Friday, 28 April 2017

Some scant tidbits of news plucked from the annual reports

The Annual Reports of the multinational tobacco companies which operate in Canada were issued last month. Contained within them were some small nuggets of news about the progress of the provincial cost recovery suits against them.

The companies are required to inform shareholders of the potential liabilities they face as a result of lawsuits. This protection for investors has, for more than a decade, been the only regular source of information on the progress of the provincial health care cost recovery suits.

Page 144 in the BAT 2016 Annual Report is devoted to details on the Canadian actions. From this I have learned that:

  • the B.C. government "delivered an expert report dated October 2016, quantifying its damages in the amount of CAD $118 billion."  This is more than the combined claim to date for Ontario ($50 billion) and Quebec ($60 billion).
  • New Brunswick's claim has also been quantified -- "in the rage of $25 - $60 billion from 1954 to 2060".

As for the other cases? No sign of any trial dates, but "discoveries are substantially complete" in New Brunswick.  The rest are still in "early case management stage".

Philip Morris' Annual Report for 2016 notes that 10 of the 16 health care cost recovery actions that are pending against it are in Canada (5 of the rest are in Nigeria, and the other one is in Korea). It also reports that:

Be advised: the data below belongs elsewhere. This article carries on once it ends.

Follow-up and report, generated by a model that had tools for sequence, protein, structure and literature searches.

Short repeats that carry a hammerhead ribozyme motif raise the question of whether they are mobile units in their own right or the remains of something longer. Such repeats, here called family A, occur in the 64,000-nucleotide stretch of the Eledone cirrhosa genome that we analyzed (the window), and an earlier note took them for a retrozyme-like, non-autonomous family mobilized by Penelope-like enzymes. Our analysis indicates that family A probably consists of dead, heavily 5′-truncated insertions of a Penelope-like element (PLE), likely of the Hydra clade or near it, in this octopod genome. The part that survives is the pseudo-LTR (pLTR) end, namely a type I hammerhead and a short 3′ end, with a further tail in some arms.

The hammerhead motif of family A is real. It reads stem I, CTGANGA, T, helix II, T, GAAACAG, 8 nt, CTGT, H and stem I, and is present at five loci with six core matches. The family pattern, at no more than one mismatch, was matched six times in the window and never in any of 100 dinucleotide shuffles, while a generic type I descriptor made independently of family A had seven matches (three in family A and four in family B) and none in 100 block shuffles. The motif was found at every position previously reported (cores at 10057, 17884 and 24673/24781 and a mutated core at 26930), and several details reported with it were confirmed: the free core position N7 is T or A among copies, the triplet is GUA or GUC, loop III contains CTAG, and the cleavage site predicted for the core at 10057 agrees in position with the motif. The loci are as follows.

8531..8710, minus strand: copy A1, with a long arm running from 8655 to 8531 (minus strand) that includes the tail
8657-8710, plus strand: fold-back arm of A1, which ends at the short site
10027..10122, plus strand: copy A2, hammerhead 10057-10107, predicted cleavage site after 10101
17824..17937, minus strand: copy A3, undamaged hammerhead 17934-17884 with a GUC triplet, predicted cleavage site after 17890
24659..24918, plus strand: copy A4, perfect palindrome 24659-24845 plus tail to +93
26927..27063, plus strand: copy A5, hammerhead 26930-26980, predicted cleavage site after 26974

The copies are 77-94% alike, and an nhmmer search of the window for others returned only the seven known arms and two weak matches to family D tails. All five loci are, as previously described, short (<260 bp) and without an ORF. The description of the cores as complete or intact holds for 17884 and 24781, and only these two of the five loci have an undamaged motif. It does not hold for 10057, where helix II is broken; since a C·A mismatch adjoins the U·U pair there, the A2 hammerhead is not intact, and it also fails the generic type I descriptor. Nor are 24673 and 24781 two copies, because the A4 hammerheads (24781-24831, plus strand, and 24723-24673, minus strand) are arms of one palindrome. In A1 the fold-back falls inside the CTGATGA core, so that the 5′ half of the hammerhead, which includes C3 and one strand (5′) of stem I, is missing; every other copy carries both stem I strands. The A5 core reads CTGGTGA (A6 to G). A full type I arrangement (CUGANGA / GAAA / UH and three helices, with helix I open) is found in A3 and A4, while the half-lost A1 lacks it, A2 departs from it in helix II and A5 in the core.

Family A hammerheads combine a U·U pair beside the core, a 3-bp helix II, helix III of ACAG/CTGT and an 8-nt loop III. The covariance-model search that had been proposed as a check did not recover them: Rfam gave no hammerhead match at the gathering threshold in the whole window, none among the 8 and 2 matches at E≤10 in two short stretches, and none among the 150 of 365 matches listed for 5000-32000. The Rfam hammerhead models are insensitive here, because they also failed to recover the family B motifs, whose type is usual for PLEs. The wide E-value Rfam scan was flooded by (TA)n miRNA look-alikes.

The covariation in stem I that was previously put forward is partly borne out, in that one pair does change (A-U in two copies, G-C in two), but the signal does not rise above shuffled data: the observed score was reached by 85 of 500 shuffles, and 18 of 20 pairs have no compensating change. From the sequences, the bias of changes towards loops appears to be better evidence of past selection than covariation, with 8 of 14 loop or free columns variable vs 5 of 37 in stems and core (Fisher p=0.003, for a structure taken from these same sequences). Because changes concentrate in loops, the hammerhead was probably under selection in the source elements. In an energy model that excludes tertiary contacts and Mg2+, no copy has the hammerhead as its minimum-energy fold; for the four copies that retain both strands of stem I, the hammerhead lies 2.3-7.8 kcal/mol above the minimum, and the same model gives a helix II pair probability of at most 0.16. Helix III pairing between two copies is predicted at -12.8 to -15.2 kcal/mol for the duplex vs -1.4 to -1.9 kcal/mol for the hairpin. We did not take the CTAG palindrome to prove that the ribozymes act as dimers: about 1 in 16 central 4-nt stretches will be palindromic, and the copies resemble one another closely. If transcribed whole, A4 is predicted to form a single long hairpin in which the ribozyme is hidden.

• The New Brunswick Court "entered a consent order establishing a discovery timetable that contemplates the province of New Brunswick applying by September 2017 for a trial date.
  • "Pre-trial discovery" is also ongoing in British Columbia, Ontario, Newfoundland and Labrador, Alberta and Manitoba. It is scheduled to begin this year for Saskatchewan, Prince Edward Island and Nova Scotia.

Japan Tobacco's Annual Report for 2016 doesn't contain much in the way of news -- and even seems to have missed out on some of the details in the others. It notes, for example, that the "claim amount is unspecified" for B.C. -- no mention of any $118 billion figure.

Notices filed with the Supreme Court

B.C. had 60 days to tell the Supreme Court if it wished to appeal the unfavourable decision from the B.C. Court of Appeal on disclosure of records. That window closed on Easter weekend -- but not before B.C. submitted an Application for Leave to Appeal. Unlikely that the court record will provide much insight -- two certificates on limitations to public access were also submitted -- as was a Certificate "if inappropriate for a judge to take part in adjudication." No risk, I suspect, of Imperial Tobacco's former counsel being asked to wade in on this one!